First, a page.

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There’s been lots of buzz swirling over a potential “global settlement” where the mayor resigns in exchange for an end to his legal woes. That might be harder than people think.
None of the ways to kick San Diego Mayor Bob Filner out of office is easy.
A whole lot of people have to sign a recall petition to get it on the ballot. A Grand Jury investigation would be unprecedented. And despite all the sexual harassment and quid-pro-quo allegations surrounding Filner, no one’s talking about him going to prison.
So that leaves Filner stepping down of his own accord. Since no amount of daily shaming in the local and national media and abandonment by his allies appears to be moving him, the theory is that Filner would only agree to resign as part of a deal to resolve his legal woes. City Attorney Jan Goldsmith has called the idea giving Filner “an out.”
“It’s the biggest, and perhaps only, negotiating point [Filner] has right now,” said attorney and former city Ethics Committee Chairman Gil Cabrera.
But getting Filner to trade away his office won’t be simple, either.
A kind of global settlement to Filner’s problems would require an intricate needle-threading between the web of agencies and personalities involved in the case, at least some of which would have competing interests and timetables.
City, county, state and federal officials as well as a celebrity attorney would all have to sign off. It would mean criminal charges against Filner would have to be serious enough to call for some punishment, but not so serious that prosecutors feel they need to push for more. And if Filner goes, he might still leave himself open to lawsuits from his time in office without his mayorship to bargain away.
“Every time you add another layer, it makes it more difficult to come to a resolution,” said John Kirby, a criminal defense attorney and former federal prosecutor.
The various legal problems Filner faces make the situation complex enough. The only case currently in court is a sexual harassment lawsuit filed by Filner’s former spokeswoman, Irene McCormack. The San Diego County sheriff’s office has a hotline manned by three staffers to handle criminal complaints of sexual misbehavior by the mayor. Federal investigators are examining pay-to-play deals involving city development projects. Filner also could face legal troubles over a trip to Paris that looks to have violated state gift laws. The severity of each of these cases remains undetermined, as no one has announced criminal charges or an end to ongoing probes.
Things get even more complicated once you add personalities to the mix. McCormack hired celebrity lawyer Gloria Allred, who’s held multiple press conferences to blast Filner and seems unlikely to go away quietly. The sheriff’s office has said it will turn its investigation over to the state attorney general’s office for prosecution after District Attorney Bonnie Dumanis recused herself. Dumanis ran against Filner for mayor last year and endorsed Filner’s runoff opponent Carl DeMaio. Attorney General Kamala Harris endorsed Filner.
The region’s top federal prosecutor also has a tangled history with the mayor. U.S. Attorney Laura Duffy donated to DeMaio, and was critical of Filner’s behavior in a leaked email. Filner said Duffy should resign over her conduct.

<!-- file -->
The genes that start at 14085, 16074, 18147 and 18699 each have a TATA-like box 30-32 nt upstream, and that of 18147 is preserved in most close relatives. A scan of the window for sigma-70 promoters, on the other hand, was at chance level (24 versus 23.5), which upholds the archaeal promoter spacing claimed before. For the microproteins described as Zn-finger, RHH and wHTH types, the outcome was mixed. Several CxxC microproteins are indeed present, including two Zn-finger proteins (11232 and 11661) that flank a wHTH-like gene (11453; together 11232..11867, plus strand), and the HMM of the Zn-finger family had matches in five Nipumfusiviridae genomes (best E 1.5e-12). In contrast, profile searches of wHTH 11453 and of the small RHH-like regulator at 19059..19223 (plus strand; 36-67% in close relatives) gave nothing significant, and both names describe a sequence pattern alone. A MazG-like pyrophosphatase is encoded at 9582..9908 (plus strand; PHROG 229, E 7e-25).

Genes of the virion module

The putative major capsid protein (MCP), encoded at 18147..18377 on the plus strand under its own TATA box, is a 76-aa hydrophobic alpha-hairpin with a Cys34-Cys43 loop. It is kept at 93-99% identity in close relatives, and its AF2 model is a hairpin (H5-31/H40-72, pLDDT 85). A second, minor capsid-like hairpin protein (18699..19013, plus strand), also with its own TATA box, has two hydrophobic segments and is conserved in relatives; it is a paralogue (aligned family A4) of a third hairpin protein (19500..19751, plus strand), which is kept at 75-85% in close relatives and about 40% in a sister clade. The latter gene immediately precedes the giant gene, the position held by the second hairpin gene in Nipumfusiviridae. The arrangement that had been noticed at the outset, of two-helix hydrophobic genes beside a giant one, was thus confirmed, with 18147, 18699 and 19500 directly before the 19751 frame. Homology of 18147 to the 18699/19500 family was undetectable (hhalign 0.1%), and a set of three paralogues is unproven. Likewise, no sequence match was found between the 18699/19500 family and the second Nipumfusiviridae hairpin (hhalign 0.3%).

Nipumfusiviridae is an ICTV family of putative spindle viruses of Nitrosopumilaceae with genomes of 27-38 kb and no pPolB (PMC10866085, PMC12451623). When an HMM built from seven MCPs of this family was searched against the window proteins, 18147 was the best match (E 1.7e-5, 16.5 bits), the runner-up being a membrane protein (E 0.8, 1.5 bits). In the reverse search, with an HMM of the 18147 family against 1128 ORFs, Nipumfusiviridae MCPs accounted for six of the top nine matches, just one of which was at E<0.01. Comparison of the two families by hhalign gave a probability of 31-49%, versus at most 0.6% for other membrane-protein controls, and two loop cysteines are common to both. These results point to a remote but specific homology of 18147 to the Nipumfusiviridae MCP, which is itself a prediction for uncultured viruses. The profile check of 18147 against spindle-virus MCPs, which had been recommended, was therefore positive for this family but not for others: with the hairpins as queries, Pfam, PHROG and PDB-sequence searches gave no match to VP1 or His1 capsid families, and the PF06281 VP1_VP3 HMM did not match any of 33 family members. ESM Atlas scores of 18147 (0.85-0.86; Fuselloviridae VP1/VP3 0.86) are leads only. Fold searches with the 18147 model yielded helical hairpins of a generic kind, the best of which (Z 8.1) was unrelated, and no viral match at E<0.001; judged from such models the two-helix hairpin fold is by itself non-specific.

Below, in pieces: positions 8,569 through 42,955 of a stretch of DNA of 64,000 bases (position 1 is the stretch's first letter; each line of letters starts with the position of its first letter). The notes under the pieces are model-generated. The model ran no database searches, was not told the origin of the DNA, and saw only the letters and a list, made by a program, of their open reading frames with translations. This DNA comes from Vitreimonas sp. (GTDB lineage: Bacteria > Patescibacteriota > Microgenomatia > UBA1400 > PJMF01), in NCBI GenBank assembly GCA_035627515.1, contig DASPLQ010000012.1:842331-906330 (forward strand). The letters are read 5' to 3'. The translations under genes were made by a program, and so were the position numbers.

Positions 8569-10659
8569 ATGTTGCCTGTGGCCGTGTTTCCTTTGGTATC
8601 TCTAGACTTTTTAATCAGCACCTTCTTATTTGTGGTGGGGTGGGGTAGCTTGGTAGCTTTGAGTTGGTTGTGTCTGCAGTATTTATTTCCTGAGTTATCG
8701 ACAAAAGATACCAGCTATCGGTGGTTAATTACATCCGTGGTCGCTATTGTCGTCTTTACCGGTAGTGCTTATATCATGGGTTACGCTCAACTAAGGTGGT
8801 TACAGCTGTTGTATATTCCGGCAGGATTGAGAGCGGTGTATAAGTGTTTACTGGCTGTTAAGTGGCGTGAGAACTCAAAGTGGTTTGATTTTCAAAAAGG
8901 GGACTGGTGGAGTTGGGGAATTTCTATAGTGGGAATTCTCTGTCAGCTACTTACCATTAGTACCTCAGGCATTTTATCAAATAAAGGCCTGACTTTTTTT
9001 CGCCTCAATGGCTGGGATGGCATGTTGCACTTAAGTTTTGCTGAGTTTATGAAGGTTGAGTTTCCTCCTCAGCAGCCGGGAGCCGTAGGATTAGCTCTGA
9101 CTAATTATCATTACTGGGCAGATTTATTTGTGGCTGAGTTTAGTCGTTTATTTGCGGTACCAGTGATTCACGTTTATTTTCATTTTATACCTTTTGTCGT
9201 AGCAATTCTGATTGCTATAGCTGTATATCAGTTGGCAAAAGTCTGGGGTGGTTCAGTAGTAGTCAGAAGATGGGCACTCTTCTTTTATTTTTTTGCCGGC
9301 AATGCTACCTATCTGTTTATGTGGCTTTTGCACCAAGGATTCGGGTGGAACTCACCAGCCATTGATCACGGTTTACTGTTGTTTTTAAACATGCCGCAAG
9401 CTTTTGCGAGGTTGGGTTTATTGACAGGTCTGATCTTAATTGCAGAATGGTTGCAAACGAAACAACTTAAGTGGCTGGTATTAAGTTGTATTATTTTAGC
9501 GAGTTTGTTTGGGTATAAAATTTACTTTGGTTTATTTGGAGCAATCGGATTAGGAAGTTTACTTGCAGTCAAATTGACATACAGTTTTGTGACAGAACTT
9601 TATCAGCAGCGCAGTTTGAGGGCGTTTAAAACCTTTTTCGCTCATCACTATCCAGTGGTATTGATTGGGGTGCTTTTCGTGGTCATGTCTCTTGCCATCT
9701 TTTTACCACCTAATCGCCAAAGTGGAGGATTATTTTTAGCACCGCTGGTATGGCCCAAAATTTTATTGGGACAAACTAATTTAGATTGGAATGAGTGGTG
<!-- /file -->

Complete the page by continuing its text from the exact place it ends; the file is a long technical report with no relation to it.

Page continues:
For a deal to happen, someone will have to coordinate the interests of all these agencies and people. Filner’s hired at least three lawyers to help him. One of them, Jerry Coughlan, has defended a stable of local politicos in major cases over the last decade.
On the anti-Filner side, Goldsmith has talked the most about the prospects for a deal. He’s said it’s common in corporate civil suits to secure resignations as part of settlements. But if Goldsmith’s quarterbacking the case, then at least one high-profile local official doesn’t have much confidence in his ability to get it done.
Port Commissioner Bob Nelson, a former Filner confidante who recently sent a letter to the mayor asking him to step down, doesn’t think Goldsmith’s previous experience as a legislator and judge prepares him to negotiate these kinds of big deals. He cited Goldsmith’s recent failures on the $45 million Plaza de Panama plan in Balboa Park and his back-and-forth on whether the mayor could veto port appointments to argue that Goldsmith isn’t up to the task.
“I don’t think he’s doing anything with malice,” Nelson said. “I just think he’s incompetent as a city attorney.”
For its part, Goldsmith’s office didn’t elaborate on any possible settlement talks, but took issue with Nelson.
“Mr. Nelson’s comments show a fundamental lack of understanding of how the process works,” Assistant City Attorney Paul Cooper said. “That said, we have not shared any strategy with Bob Nelson concerning the Filner matter, nor would we.”
Even if all these things get worked out, it’s unlikely anything could be done to prevent more people from filing lawsuits against the mayor once he’s a private citizen. This wildcard of possible future claims against Filner could give him pause before relinquishing his power and leverage.
“I think resignation and global resolution might make that less likely,” said Marco Gonzalez, an attorney who’s represented women who allege Filner mistreated them. “But if I’m sitting in Bob’s seat, I can’t be sure of that.”